By Morgan Summerfield
The trees stood as dark silhouettes against the dimming
twilight sky. It was that moment between night and day,
that moment when the creatures of day gave way to the creatures
of night. The larks and sparrows settled into their roosts
for the night, as the dark web-winged monsters of horror
film fame began their hunt. The cats that slept lazily in
the sun now prowled, eyes glowing and ears attuned. The
owl stirred in the distant oak, fluffing its feathers and
hooting its hoot. The rustle to my left was a mystery-a
deer, a raccoon, or an opossum.
The horizon continued to darken and the traces of pink
were devoured by purples and grays. The shadows of the wood
deepened and the tree frogs chirped gaily at the prospect
of the cooling moon. My shadow was lost and the first star
popped into the night sky. I dared not stay a moment longer,
lest I become prey to those that walked the night, those
that relished the darkness and always moved in shadows--among
them the ones that I sought so intently.
Nature's light vanished as my foot met the porch step.
The insects were already hitting the bug zapper, causing
an intense repetitive hissing sound, as they were fried
to ultimate crispness. I stood watching their passionate,
frantic, persistence as they sought that which caused heady
excitement yet bore the promise of grave consequence. I
mused how alike we were. I too was in a passionate, frantic,
persistent pursuit of an excitement that dizzied my brain
and titillated my body-a quest for that which I knew full
well might surrender me to the consequences.
I left the porch and entered the cabin. My ears keened,
I gently eased the screen door back into the frame. I stood
in the darkness looking out into the now blackened space
between the porch and the wood. My eyes strained to see
into the night. Two weeks had passed since I'd begun the
baiting process in hopes of coaxing the illusive creature
into my realm. My time was short and my anticipation growing.
I felt my impatience pushing me toward an impulsive act
that I knew would carry me, just as the insects, toward
my own extinction. Why did I crave this so intensely? Why
was the hunger for it so strong? How could the faded text
of a long forgotten tome, that begged dusting and reeked
of age, push me so hard toward the brink? I've determined,
now, that these are things I will never know.
I reviewed in my mind how meticulously I followed the
painfully exacting recipe of the bait this time. I'd measured
the exact portions and brewed to the precise second. I'd
cooled and cured it for the appropriate number of days.
I'd set it at the waning of the moon, on a starless night,
after a hard rain. My impatience had caused me to rush the
recipe in past attempts. My experiment, now obsession, had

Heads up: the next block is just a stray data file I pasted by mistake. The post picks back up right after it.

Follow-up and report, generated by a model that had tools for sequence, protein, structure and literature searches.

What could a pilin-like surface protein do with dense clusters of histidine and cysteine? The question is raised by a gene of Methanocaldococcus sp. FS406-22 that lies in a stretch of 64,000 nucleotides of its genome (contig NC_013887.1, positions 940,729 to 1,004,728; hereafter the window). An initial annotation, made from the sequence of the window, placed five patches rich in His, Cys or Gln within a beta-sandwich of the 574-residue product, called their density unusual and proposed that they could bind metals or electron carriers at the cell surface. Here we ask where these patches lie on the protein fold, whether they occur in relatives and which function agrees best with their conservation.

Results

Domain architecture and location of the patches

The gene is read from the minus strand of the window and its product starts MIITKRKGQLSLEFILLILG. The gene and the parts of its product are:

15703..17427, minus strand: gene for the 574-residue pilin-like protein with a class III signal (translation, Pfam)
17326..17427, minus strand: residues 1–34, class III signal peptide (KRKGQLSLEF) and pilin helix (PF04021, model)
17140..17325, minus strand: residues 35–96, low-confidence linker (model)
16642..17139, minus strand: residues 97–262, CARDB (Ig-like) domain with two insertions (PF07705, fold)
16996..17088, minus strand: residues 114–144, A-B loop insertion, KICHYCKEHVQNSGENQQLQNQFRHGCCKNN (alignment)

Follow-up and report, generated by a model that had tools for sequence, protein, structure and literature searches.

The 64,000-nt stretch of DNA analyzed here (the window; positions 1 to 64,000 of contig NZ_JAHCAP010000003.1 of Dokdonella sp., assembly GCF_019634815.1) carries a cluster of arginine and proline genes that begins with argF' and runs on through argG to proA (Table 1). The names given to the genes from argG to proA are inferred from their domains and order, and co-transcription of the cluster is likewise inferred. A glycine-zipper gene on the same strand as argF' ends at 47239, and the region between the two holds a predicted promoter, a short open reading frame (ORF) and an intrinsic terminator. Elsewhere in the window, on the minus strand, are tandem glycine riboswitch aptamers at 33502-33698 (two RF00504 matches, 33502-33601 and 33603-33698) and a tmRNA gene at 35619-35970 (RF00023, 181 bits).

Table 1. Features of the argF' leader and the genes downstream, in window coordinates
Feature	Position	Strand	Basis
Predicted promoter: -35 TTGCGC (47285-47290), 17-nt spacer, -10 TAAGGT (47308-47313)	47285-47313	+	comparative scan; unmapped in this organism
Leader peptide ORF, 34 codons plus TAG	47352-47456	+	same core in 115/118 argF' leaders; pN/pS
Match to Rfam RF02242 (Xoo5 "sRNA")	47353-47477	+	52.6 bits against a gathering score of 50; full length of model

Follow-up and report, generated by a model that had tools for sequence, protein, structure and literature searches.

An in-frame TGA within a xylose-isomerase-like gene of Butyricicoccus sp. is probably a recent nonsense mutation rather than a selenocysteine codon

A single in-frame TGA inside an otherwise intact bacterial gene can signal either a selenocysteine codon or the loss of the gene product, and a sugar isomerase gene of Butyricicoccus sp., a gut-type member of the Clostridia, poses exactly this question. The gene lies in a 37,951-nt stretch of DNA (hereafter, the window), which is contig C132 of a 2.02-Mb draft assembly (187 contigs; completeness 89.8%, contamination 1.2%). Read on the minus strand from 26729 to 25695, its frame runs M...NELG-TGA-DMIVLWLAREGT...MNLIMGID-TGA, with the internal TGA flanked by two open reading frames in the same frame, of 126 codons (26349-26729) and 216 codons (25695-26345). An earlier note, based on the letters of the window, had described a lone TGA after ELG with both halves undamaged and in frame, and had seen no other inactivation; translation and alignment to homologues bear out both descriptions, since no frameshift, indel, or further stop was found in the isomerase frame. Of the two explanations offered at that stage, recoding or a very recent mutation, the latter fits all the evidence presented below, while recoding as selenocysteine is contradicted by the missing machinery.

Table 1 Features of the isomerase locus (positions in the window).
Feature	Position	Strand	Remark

lasted months. I felt my life would some how end, if this
time I could not at least see the creature, though I knew
seeing would not be enough. I wanted to touch it, smell
it, taste it. I wanted to know it intimately, all the while
knowing I would not likely survive such experiences.
The unknown scholar who had set his hand to this volume
imparted such intensity in his words I could not resist
them. They teased my brain, dripped from my lips like honey
and taunted my fingertips with the depth of their impressions.
Though I knew the words were meant to warn, to illuminate
and to protect, they instead drew me into the romance of
the creature. It at first sounded too remarkable to hold
any truth, yet the more I read the more I was convinced
of the possibility.
As I could stand not a moment more of waiting, I grabbed
the knife from the table and stepped back out onto the porch,
all the while the bug zapper reminding me of my risk. Just
as I was about to sweeten the bait, I heard the whoosh as
it moved in the darkness just out of visual range. I stood
motionless, my heart skipping frantically, my body alive,
every nerve on alert. I could not tell if the adrenaline
that raced my pulse was initiated by fear or sheer ecstasy.
I saw its eyes first, almond shaped and narrowed. A strange
moan escaped my parched lips, as it drew closer. I held
my breath and waited. Instinctively I stepped back, as another
appeared--then another. I had not anticipated this. I found
myself courting the danger times three. They sniffed the
air as they followed the scent of the bait that was not
twenty feet from me.
I know not how I willed myself back into the small safety
of the cabin, nor how I made the trip unmolested. Though
I know it will afford only a short reprieve, it affords
me enough time to write this. Whosoever should find these
my last words and read them--take heed of my warning. If
you value your sanity and wish to remain whole, do not breech
the cover of the book that lies here beneath my words. Rather,
set a match to the pages that might otherwise open onto
an intensity of obsession and a path of destruction so powerful
you could not resist. Were I not so hopelessly possessed
by it, I would have already turned it to ash.
Hold the light of day close and keep the darkness from
your soul. Be not a moth to the flame, as I have been. Treasure
the fragileness of your life and live it not in the realm
of what might be, but rather in the realm of what is. Seek
not to know the creature that I have become.
There is no time more to explain. Even now they approach
me and I am losing myself. I have stayed too long, gone
too far, been too reckless. Should you unwisely choose to
follow my footsteps, know that I will be waiting breathless,
guiltless--and hungry for you.
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